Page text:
Wednesday, November 23, 2005

Massasoit

**FLYING CONDITIONS: Partly Cloudy**


The Wampanoag Nation encompassed the region known today as southeastern Massachusetts and into Rhode Island. The Mashpee Wampanoag are The Wampanoag Nation's sole surviving tribe on Cape Cod. While the Cape has recently become a home to many cultures, it has been the homeland, the motherland of the Mashpee Wampanoag for millennia.

The Wampanoag are legendary as peacekeepers. Their storied encounter with Europeans has been primarily focused on the 101 Mayflower Pilgrims, who arrived in 1620, and began to settle in a colony they called Plimoth along the Wampanoag Nation’s southeastern coast. The Wampanoag leader Massasoit (Great Sachem) Ousamequin (Yellow Feather) was a benevolent man and instructed his warriors to just watch the visitors from afar. In less than a year, 49 Pilgrims perished due to illness and their inability to survive in these unfamiliar surroundings.

Witnessing the struggles of the remaining 52 Pilgrims, Massasoit took action. It was a turning point in history, a moment when he could have easily ended a foreign incursion and potential threat to the Wampanoags' ancient civilization. Instead, he responded with biblical sensibilities he instinctively understood without knowing the Bible. He chose to show mercy, respect and kindness to the suffering Pilgrims. He instructed his people to teach them how to live with, be nourished by and protective of Nature’s abundant gifts here.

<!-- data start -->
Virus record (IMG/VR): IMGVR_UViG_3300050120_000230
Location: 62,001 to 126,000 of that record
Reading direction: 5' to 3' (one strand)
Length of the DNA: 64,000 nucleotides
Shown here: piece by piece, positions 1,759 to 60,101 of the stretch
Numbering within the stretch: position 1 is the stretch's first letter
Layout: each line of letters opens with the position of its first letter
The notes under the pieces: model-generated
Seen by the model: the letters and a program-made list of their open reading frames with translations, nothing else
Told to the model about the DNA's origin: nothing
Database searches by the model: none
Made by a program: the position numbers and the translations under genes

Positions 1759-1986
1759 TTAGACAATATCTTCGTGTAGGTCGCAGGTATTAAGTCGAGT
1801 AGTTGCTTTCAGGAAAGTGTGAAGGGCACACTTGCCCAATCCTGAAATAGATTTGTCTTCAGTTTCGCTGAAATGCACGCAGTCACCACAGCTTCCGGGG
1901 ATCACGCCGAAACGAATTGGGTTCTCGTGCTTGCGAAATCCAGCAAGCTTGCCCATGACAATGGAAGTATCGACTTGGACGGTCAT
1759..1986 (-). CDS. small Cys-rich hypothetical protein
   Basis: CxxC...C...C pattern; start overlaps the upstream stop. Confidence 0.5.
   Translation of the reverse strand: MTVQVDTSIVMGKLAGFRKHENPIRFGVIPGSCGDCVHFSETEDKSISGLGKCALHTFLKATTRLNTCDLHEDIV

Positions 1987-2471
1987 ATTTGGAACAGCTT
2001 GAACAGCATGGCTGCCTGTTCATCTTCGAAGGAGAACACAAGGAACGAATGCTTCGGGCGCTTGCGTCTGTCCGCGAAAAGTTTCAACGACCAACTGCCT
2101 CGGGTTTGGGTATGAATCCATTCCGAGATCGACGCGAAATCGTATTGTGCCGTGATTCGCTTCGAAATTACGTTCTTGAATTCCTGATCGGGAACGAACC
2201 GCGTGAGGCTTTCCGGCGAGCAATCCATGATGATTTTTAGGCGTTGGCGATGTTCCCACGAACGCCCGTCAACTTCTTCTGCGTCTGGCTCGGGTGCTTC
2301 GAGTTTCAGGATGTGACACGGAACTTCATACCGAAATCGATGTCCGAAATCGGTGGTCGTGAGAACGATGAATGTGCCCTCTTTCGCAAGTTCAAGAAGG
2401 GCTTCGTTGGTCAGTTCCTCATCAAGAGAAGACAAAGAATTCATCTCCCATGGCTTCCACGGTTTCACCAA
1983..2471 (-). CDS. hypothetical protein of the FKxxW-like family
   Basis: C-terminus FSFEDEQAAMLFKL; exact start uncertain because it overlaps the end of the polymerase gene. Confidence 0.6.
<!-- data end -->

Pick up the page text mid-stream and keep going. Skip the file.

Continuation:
Their now infamous shared Thanksgiving Feast of 1621 was far different than has been generally depicted. It was actually known then as the Harvest Celebration, which Wampanoag past and present call Keepunumuk, meaning the time of harvest. It is one of many traditional celebrations the Wampanoag have shared each year for millennia.

In the context of history, the three-day Thanksgiving Feast of 1621 was equivalent to an official state dinner today. The hosts were Massasoit Ousamequin and a delegation of 90 Wampanoag warriors in full regalia. The Pilgrims provided vegetables from their first harvest. The Wampanoag provided five deer and assorted wildfowl, from ducks to wild turkeys.

Every element of that momentous gathering was designed to strengthen the bonds of friendship and seal the shared aspirations for peace, liberty and freedom of religion between the Wampanoag and the Pilgrims. A Treaty of Mutual Protection was prepared and signed, affirming their official partnership for peace and pledge to respect and protect one another.

Mere decades later, the treaty and partnership were broken by new waves of foreigners with different ideas, who violated the ancient laws, traditions and values of the Wampanoag Nation. Massasoit Ousamequin's peace plan had held for 50 years. He died in his 70’s, and his son Wamsutta, who was also known as King Alexander, took his place. King Alexander's reign was short and ended abruptly when he was poisoned by new leaders to the rising tide of colonists.

Read more here...

Wampanoag Tribe of Gay Head (Aquinnah)

No comments: